Everyone would like to have more battery life in their mobile devices, particularly smartphones, as those get used everywhere. We also like to have large screens in our smartphones with very high resolution, so those would consume more power. Finally, we wouldn't like it if our smartphones were as thick as a brick, so companies have yet to figure out how to create such device. While some companies have opted for integrating wireless charging capabilities into smartphones, the technology is not very popular yet, so it kind of defeats the purpose. Other companies have made software optimizations, but those are rarely noticeable. Finally, there are some companies that have built smartphones with a huge battery, but those are very bulky and they get released in very limited quantities.
Hitachi Maxell recently announced the development of a technology that would allow Li-ion batteries to reach higher capacities. The new technology is called "ULSiON", and it uses a special composite material by coating the silicon with carbon, so it acts like the negative-electrode active material. Current batteries use silicon as the negative-electrode active material, but this causes to expand and contract at the time they get charged or discharged, so by substituting it with fine silicon particles, this process would be reduced to a certain level. The new technology would release twice the energy density, so basically, we could have twice the capacity of a battery without requiring extra space.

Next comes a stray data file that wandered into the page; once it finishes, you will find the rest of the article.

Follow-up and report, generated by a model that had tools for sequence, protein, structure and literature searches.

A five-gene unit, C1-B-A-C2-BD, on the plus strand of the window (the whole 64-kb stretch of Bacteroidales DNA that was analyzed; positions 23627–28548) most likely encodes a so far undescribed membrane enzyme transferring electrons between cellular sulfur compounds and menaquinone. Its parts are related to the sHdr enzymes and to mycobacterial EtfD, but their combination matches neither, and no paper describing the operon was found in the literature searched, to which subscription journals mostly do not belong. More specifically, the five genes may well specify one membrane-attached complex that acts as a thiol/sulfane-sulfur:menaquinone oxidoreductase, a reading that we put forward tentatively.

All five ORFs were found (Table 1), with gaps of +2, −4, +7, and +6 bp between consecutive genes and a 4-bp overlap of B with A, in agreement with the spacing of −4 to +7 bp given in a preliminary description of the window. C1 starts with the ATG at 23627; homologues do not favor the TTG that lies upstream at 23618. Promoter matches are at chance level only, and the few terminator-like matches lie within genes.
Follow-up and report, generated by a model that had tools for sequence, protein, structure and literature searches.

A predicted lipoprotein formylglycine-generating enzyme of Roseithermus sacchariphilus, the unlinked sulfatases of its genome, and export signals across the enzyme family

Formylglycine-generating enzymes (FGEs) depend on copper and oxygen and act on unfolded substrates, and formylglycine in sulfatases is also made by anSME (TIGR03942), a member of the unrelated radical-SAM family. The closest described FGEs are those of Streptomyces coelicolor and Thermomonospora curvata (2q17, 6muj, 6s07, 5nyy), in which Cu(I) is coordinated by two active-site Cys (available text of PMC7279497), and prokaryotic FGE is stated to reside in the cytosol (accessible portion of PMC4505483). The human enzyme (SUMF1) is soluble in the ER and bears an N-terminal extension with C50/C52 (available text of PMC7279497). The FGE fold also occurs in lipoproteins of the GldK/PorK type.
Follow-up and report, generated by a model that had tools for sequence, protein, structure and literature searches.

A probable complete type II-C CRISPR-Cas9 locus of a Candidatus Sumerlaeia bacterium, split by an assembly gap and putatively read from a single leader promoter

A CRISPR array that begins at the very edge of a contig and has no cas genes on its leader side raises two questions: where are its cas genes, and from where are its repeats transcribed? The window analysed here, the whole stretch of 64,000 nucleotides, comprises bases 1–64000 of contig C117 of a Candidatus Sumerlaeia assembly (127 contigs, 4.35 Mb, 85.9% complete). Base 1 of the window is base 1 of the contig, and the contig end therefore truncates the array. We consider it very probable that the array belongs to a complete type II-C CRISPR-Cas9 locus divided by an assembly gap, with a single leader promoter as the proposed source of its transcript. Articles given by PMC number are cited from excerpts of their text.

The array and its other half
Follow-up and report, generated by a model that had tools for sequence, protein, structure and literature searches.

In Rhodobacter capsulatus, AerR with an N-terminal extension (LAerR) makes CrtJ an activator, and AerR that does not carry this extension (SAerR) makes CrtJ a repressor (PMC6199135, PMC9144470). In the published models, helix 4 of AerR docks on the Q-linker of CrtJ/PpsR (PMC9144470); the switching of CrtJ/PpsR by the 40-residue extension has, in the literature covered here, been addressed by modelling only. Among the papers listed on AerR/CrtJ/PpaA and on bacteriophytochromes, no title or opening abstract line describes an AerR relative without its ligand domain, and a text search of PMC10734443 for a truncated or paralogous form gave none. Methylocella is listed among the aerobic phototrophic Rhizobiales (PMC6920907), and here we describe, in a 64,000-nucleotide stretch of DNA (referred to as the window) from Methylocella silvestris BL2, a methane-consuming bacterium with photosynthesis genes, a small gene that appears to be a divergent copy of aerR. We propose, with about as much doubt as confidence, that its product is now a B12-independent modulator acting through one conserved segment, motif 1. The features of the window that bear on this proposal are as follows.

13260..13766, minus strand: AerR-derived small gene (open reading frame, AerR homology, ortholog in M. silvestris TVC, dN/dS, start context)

This electrode technology would allow batteries to be charged with a wide range of voltages, so they expect discharge cut-off voltage to be very low. This would also create better performance, as the lower discharge cut-off voltage, the more capacity could be reached. The company expects that this technology would make it into compact devices such as wearables, but in general, there's a high demand for high-energy density batteries. This technology seems to be a compelling solution, as devices could get thinner and have the same battery capacity of current devices or they could get just as thick and provide much more battery life. Hitachi Maxell will exhibit this technology at the 2 Wearable Expo that takes place from January 13 to January 15 in Tokyo.